Little-Known Facts About The Founding Fathers

Little-Known Facts About The Founding Fathers

The legend of George Washington skipping a silver dollar across the Potomac River, an action undertaken mainly to appall Thomas Jefferson, who was mired deeply in debt at the time, was founded in accident. Washington was actually trying to kill a duck, but missed.

During his visit to Yosemite National Park in 1909, William Howard Taft's horse proved unequal to the task of bearing his 320 pounds, so the president dismounted and switched roles, carrying the exhausted steed until it recovered.

Aside from his more well-known ingenious and practical inventions such as bifocals and the lightning rod, Benjamin Franklin is responsible for the introduction of the gloryhole.

Abraham Lincoln's brief but unforgettable Gettysburg Address was wholly improvised after his dog ate the much longer speech that had been prepared for him at the last moment. He deliberately chose his famous opening words "four score and seven years ago" to then allow himself a brief pause to think of what to say next while the audience was busy mentally calculating how many years this actually was.

The long-simmering feud that ultimately led to the duel in which Aaron Burr fatally shot Alexander Hamilton had its origin in a bitter debate over whether the lager brewed by their contemporary Samuel Adams was less filling or tasted great.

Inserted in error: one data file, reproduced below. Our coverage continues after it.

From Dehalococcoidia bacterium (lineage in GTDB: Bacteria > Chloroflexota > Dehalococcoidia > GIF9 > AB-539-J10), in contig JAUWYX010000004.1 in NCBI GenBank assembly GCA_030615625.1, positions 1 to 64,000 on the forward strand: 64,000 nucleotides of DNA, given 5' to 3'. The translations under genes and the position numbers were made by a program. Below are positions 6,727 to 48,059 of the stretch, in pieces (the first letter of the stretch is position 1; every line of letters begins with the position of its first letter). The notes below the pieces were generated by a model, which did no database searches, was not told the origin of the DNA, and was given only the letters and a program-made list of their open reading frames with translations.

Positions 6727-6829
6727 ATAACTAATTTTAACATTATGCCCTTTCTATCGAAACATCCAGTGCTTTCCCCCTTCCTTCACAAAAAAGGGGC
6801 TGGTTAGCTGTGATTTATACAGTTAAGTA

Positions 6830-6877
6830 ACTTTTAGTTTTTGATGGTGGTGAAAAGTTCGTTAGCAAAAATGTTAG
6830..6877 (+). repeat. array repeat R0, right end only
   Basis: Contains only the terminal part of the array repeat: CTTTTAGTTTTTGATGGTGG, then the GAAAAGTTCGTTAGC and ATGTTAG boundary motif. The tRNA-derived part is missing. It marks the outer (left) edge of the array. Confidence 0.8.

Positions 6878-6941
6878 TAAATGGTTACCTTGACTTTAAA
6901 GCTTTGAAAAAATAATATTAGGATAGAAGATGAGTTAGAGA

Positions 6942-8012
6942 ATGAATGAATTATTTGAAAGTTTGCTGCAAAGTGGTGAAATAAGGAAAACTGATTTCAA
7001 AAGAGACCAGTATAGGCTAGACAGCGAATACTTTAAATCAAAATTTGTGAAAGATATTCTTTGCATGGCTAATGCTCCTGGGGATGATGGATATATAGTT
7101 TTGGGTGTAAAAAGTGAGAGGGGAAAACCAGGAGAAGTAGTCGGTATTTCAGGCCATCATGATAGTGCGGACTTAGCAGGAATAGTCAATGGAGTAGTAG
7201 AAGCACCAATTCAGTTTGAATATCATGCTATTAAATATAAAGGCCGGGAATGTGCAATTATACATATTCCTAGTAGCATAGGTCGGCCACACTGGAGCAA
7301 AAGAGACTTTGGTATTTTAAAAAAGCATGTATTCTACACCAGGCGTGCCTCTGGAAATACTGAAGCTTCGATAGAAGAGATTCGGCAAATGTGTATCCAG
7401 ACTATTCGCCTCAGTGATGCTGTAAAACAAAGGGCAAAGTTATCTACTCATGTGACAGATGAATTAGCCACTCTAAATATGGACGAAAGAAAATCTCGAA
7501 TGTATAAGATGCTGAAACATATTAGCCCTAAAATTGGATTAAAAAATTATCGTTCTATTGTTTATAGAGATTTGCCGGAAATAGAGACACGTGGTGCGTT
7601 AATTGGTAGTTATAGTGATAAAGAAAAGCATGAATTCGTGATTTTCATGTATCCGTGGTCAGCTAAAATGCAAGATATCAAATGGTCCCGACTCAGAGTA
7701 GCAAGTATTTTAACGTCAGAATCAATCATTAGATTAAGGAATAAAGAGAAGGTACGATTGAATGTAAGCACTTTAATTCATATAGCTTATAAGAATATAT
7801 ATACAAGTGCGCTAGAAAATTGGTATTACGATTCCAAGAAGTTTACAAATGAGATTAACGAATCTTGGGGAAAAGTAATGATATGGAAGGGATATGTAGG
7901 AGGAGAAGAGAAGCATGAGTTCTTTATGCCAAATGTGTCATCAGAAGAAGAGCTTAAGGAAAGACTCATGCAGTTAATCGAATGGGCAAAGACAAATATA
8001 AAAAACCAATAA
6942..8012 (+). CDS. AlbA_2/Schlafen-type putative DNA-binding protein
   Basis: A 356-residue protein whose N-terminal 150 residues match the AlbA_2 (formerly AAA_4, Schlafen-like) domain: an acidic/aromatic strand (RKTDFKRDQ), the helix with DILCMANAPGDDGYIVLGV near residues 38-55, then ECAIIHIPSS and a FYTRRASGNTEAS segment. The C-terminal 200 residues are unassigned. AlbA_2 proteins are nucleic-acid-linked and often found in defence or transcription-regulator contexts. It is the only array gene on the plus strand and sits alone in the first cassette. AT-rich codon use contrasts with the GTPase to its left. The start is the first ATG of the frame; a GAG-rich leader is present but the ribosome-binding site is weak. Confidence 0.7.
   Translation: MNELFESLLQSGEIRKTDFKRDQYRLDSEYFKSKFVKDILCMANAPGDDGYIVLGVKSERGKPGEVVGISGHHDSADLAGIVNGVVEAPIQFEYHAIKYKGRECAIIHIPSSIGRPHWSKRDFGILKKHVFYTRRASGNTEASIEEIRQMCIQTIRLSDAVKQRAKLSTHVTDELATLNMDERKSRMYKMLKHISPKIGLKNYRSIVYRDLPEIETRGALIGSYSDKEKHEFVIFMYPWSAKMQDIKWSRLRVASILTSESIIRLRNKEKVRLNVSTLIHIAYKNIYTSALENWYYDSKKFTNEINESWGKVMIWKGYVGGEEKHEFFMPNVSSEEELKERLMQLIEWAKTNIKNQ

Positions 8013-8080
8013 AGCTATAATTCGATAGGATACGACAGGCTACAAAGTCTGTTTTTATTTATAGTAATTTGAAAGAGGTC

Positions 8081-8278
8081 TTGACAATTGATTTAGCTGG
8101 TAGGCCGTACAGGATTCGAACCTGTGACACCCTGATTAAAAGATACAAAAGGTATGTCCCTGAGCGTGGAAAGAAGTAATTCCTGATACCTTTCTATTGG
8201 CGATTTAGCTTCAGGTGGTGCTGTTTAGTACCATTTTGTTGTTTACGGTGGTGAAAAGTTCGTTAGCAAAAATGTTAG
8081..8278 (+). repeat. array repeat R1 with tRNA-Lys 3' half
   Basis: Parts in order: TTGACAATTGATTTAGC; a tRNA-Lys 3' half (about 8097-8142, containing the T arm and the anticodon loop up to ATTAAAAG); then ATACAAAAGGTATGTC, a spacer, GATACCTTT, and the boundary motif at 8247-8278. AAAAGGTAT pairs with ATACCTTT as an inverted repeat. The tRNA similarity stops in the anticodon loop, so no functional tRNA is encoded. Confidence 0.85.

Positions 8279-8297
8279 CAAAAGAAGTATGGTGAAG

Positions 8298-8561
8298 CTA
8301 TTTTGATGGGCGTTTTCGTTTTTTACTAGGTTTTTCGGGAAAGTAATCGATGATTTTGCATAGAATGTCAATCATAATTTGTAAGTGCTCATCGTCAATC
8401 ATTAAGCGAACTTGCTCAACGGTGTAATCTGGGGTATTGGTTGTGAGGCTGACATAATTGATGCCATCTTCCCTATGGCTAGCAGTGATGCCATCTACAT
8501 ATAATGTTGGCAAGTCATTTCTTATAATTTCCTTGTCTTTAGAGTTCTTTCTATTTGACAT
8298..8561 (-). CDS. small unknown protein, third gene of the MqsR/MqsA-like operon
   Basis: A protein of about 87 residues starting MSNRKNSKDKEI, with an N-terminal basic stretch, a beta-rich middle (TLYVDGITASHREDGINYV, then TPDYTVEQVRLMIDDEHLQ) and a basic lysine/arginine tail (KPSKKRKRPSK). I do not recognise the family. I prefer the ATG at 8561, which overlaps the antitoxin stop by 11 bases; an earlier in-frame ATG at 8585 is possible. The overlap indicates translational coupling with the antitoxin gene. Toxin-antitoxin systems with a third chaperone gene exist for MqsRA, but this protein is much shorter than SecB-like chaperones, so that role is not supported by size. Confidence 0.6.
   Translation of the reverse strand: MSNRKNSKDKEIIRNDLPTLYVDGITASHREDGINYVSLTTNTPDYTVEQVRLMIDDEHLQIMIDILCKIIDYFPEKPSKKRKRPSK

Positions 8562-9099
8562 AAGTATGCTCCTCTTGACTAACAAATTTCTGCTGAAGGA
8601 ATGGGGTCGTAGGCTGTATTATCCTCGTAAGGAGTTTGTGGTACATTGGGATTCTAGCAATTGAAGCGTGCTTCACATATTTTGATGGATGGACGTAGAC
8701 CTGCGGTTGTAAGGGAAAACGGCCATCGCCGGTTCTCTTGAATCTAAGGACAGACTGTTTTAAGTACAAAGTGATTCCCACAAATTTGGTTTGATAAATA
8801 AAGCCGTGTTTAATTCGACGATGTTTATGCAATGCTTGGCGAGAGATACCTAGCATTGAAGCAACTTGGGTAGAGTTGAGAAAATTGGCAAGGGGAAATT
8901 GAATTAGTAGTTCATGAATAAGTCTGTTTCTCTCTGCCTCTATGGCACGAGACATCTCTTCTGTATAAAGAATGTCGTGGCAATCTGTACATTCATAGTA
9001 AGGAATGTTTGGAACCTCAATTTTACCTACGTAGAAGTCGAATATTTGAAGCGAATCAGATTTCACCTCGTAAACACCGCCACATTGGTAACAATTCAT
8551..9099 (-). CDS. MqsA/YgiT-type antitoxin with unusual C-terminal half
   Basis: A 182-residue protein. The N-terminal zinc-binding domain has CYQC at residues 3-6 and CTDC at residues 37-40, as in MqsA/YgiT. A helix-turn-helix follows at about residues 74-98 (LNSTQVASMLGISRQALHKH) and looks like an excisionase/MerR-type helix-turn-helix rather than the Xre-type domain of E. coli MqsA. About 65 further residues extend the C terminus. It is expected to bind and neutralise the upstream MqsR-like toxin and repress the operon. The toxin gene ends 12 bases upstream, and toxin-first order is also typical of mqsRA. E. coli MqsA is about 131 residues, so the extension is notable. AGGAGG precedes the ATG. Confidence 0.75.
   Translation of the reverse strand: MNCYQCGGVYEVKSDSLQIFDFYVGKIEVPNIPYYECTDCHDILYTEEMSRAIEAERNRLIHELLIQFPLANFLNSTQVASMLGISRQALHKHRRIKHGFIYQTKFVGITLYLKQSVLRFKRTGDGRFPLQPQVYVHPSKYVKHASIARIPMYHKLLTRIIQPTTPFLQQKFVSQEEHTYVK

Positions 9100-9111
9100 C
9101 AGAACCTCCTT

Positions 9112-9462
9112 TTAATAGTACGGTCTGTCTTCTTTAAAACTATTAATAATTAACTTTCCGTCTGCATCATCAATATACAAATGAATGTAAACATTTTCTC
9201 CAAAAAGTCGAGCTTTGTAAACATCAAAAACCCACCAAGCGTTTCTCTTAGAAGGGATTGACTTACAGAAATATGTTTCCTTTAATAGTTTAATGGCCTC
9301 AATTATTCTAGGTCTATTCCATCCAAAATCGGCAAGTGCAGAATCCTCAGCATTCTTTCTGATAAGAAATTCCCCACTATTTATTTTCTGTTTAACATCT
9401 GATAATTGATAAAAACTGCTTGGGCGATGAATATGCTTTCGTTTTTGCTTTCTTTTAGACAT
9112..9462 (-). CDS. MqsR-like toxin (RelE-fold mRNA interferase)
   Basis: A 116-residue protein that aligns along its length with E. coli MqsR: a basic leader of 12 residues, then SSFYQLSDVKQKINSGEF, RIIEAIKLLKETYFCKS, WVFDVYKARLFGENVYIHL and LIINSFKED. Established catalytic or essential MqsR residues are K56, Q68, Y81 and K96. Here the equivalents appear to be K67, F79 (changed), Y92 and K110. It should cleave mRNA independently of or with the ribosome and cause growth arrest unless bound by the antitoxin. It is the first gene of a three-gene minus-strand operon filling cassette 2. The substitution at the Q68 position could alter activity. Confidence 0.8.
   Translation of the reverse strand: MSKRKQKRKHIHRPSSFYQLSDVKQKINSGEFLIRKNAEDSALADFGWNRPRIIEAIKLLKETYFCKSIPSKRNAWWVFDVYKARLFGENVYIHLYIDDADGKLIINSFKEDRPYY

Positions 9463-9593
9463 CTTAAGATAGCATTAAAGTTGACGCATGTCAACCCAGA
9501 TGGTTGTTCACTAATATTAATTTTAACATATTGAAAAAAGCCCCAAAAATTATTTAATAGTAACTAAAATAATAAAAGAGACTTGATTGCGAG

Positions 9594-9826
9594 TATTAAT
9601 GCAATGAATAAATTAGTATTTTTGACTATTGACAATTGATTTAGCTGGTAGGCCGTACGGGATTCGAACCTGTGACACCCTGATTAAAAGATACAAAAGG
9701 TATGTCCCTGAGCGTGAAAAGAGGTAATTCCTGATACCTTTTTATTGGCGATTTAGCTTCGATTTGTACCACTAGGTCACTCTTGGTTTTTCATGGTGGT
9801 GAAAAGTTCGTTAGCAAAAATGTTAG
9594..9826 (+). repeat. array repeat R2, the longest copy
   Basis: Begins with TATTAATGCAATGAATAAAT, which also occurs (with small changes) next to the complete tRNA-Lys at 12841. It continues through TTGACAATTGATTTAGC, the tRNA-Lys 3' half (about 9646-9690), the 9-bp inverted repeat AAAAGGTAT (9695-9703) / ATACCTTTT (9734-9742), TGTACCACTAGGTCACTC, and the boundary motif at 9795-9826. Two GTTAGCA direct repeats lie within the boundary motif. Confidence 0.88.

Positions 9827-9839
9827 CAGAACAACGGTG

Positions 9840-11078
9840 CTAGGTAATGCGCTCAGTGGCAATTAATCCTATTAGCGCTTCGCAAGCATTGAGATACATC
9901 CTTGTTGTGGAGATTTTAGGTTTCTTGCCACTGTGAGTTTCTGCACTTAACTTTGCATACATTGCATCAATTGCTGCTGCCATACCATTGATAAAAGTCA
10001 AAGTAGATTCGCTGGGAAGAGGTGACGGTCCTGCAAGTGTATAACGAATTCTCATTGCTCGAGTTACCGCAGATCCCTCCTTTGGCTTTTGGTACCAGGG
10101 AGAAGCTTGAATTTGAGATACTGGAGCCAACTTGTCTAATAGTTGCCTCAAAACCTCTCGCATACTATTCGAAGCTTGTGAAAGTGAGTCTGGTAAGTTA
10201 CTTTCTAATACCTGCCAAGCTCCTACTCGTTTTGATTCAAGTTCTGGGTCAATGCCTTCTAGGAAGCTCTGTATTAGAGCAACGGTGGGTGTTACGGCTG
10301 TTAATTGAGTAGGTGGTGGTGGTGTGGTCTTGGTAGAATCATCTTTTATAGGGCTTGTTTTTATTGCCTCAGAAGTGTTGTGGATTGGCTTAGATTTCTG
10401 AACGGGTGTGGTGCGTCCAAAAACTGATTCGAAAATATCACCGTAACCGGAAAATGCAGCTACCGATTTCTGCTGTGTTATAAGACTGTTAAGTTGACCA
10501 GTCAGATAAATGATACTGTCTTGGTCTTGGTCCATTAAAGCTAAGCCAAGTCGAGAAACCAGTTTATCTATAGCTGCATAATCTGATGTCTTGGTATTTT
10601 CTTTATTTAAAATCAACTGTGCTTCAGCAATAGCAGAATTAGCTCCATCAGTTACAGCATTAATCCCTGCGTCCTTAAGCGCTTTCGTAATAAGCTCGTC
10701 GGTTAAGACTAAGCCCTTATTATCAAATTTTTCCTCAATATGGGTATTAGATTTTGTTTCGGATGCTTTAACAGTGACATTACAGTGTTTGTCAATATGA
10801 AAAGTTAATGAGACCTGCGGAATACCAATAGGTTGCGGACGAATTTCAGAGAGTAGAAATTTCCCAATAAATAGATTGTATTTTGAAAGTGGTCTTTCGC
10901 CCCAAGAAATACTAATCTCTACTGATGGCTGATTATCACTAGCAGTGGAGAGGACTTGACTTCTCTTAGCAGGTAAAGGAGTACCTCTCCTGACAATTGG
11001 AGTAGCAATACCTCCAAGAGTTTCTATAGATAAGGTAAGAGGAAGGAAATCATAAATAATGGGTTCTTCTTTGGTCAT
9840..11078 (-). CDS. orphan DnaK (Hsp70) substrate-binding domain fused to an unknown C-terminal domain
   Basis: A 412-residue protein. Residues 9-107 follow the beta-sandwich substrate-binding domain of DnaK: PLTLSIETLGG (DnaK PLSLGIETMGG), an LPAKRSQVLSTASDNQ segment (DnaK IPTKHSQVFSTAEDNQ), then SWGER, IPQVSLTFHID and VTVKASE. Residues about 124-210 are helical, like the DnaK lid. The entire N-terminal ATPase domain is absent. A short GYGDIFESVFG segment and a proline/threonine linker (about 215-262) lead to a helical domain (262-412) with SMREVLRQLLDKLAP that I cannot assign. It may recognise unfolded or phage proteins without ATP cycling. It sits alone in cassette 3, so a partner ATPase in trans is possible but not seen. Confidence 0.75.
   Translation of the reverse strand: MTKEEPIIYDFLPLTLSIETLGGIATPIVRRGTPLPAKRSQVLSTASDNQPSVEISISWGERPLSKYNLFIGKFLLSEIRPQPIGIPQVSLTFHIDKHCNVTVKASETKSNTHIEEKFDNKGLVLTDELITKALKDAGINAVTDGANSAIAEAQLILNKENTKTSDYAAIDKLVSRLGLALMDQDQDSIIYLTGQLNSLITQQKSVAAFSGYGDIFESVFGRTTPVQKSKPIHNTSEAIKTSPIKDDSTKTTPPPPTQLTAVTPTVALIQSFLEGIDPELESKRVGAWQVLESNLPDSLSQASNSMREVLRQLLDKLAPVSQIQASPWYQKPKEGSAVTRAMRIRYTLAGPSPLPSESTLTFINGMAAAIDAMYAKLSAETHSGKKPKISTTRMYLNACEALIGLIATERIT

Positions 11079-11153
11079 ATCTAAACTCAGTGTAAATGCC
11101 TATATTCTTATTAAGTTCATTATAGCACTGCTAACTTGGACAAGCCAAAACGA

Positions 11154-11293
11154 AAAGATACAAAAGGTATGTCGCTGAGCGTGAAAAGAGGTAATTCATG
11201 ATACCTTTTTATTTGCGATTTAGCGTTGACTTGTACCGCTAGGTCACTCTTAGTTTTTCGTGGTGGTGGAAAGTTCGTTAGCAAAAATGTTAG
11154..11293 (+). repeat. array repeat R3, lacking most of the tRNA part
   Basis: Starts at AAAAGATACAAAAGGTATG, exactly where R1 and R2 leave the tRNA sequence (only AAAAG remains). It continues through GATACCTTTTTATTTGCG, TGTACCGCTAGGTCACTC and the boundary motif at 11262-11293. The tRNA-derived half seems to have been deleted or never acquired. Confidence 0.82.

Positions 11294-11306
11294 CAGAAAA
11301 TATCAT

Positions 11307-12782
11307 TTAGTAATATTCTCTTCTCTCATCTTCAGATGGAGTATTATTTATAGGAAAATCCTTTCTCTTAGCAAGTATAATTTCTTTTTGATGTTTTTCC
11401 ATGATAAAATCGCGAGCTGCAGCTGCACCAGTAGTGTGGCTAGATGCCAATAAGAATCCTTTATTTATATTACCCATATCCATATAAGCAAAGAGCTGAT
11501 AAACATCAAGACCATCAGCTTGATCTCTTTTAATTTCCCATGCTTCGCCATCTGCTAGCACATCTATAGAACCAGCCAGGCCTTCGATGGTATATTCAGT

Theodore Roosevelt once boxed "The Jersey Lily," Lillie Langtry, in his private White House gym. The president won by decision, though most observers agreed that he could have won outright by knockout and was merely being chivalrous by carrying the stage actress for the full 15 rounds.

Owing to a childhood accident, Patrick Henry was blind in one eye-and deaf in the other one.

Andrew Jackson once ate a wheel of cheese weighing 1400 pounds over a period of two weeks in order to win a wager.

John Hancock deliberately signed his name extra-large on the Declaration of Independence in a successful bid to ensure that his name would become an eponym for the word "signature". This act also had the satisfying side effect of frustrating fellow signatory Charles Cotesworth Pinckney by leaving little room for his own considerable name.

Peter Lynn is the author of the hilarious blog Man vs. Clown. He is apparently also a little unclear about who the Founding Fathers were, but he's a Canadian, so that's okay.

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